PECHAKUCHA DAILY BLOG

PECHAKUCHA DAILY BLOG Posts




"This is a personal rebuttal of the notion that nothing ever happens in Whanganui."

In Nothing to See Here from Whanganui Vol. 1., Matt Dutton highlights many works from any of the talented artists living in an unsuspecting New Zealand community on the North Island. Considered a place where "nothing ever happens", Dutton challenges us not to overlook the quiet town, or the contemporary, often abstract works coming from any of its highly gifted artists. 

Enjoy!

"We wanted to make the world's largest crochetted blanket."

In All the World's a Square, from TokyoVol. 124, repeat PechaKucha Presenter, and Yokohama Knit Artist, Bernd Kestler started an initiative called "Knit for Japan" in response to the Tohoku earthquake and tsunami of 2011. Originally aimed at providing knitting supplies for people of Tohoku, the project evolved into the "Granny Square Project” in which Bernd collected 20cm X 20cm knitted squares from all around the world. Little did he know he would receive so many that he was able to create the world's largest crocheted blanket. 

Check out how this creative project became greater than the sum of all its parts. 





"I realised that really I just want everything to be fun ...all the time."

In Turn Off To Tune In from New Orleans, Vol. 13, Artist, animator, Gallery Assistant at The Foundation Gallery in New Orleans, Alice McGillicuddy, talks about her process to find fun and to get into the mind frame to create.  Alice is the happiest creating structures, large and small, to house animations and enjoys making every sort of bit and bob.

After you watch this fun presentation, be inspired to DO!



"...because sometimes I think the picture isn't ready yet."

In A Brief History of Polyptych Art, from Maastricht Vol. 26Said ten Brinke explores the idea of Polyptich Art, the use of two, three, or more works of art to create a multiple array that becomes a unique piece itself, often with a new context.

Some of the oldest known works of the Late Roman Empire are diptychs, a form that continued through the Renaissance and on to today in modern art by artistis such as Andy Warhol and Francis Bacon. Said ten Brinke ends his presentation with a series of self created photo-polyptychs. Check it out!





"The last important Ukio-e print master and the first print artist of modern Japan."

In The First Print Artist of Modern Japan from Nishinomiya Vol. 24, John Szostak shares his admiration and insights into the work of Japanese artist Kobayashi Kiyochika. As Japan transitioned from its fuedal history and isolated past just over a centruy ago, opening its shores to the world, Kobayashi Kiyochika helped to usher Japan into a new age of art and print. He challenged the idea of the traditional Japanese print, updating it by integrating many of the artistic sensibilities found in western modern prints, painting, and photography.


Be ready to be amazed.

What is the simplest vessel — that you can send out into the world — to contain your passion?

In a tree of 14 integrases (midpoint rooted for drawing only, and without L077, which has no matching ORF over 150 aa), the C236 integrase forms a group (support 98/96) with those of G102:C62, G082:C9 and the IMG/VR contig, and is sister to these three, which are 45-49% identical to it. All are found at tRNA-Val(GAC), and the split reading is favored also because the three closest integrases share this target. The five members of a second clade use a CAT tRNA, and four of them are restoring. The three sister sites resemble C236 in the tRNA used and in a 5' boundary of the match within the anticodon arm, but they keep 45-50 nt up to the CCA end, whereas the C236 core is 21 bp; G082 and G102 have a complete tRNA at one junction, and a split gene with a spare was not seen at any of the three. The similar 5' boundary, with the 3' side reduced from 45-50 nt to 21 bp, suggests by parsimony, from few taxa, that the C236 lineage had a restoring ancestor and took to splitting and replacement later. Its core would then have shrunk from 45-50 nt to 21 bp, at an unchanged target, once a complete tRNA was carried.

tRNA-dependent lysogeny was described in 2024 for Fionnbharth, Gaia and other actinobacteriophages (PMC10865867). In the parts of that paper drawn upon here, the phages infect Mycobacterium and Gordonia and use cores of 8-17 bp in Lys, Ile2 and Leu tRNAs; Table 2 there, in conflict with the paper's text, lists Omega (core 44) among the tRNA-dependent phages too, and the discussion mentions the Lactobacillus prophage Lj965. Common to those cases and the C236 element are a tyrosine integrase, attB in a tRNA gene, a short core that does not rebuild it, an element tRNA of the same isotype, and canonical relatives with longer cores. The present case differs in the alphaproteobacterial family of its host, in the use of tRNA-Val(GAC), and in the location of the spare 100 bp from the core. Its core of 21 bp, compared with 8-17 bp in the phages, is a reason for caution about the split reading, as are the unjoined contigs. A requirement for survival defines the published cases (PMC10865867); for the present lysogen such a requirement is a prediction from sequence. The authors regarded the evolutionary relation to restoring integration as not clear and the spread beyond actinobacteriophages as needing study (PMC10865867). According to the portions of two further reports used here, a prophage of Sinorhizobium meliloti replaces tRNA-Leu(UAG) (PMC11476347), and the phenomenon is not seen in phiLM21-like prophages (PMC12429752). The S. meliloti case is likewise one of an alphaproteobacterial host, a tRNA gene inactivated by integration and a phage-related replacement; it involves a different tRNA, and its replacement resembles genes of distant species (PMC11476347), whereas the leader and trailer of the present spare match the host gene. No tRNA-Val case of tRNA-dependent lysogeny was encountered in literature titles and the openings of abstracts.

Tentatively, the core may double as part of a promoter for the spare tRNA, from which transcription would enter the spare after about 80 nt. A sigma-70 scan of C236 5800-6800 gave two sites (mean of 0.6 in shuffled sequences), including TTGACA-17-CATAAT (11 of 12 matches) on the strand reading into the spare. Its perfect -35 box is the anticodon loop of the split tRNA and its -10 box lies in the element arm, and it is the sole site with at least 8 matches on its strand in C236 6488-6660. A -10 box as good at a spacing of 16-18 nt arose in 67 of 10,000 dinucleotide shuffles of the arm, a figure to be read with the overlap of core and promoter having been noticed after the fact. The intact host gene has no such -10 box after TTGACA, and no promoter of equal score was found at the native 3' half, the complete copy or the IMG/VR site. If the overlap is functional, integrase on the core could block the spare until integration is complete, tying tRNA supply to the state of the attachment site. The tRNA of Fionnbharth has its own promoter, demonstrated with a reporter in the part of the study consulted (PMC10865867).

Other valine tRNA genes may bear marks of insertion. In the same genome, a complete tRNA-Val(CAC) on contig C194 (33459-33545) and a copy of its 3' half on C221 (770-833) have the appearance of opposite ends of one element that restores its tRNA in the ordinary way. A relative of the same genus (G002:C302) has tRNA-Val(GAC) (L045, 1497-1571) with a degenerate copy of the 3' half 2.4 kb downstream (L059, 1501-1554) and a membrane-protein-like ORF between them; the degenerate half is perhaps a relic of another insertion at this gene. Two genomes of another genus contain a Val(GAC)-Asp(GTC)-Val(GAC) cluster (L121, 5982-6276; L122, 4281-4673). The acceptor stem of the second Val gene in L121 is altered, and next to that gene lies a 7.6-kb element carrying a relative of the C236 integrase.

Lindsay Muscato is guessing that it's been a while since you've written a letter, but that's alright, leave it to her to write one for you! In “The Tiniest Best Boat” from PKN Chicago Vol. 33, we see that Lindsay has written hundreds of letters for strangers on typewriters, and has discovered something really special about herself through it all — find out just what that is!

"I stared at that pen for 9 months too scared to use it, thinking I would make a complete mess, terrified I might not be able to deliver on my ideal."

Inspired by called "Calligrafitti," student of lettering Andy Kelly, took on the the challenge of picking up the parallel pen and sees where in takes him in this emotional presentation: "What I Have Learnt from Learning Calligraphy" from PKN St. Neots Vol. 1. Andy talks us through the process of learning the art of calligraphy, and the transformative effects it's had on him. Check out more of Andy's amazing work on his blog

"We have talent in our city but there was no platform, so PechaKucha is the platform for the people of Aden."

PechaKucha Night Aden organisers Heba Faheem and Elyas Khan speak on the efforts expended getting their event going in Yemen, and the profound effects it has had on their community. In "A Platform for Aden" from PKN Tokyo Vol. 123, we see that though their country is riddled with political and military strife, they have shown that PechaKucha brings out the very best in their city.

“People who don’t close up their lowercase G’s are very bad at keeping secrets.”

Graphic artist Sarah Maxey loves her fountain pens. In “A Loveletter to the Fountain Pen” from PKN Whanganui Vol. 1, Sarah speaks on her growth as a hand-lettering artist, her deep connection to the tools of her trade, and the way she’s anthropomorphized her vast collection.

“I’m interested in the new spaces we’re forced to inhabit after disasters.”

Artist Victoria Buck is interested in the conflicting concepts of protection, vulnerability, and hope in the time during and following abrupt natural disasters.

In “Memory of Place” from PKN Knoxville Vol. 14, she discusses her work, and how it’s intended to investigate the naive trust we place upon the shelter systems we have in place, and their supposed ability to protect us.

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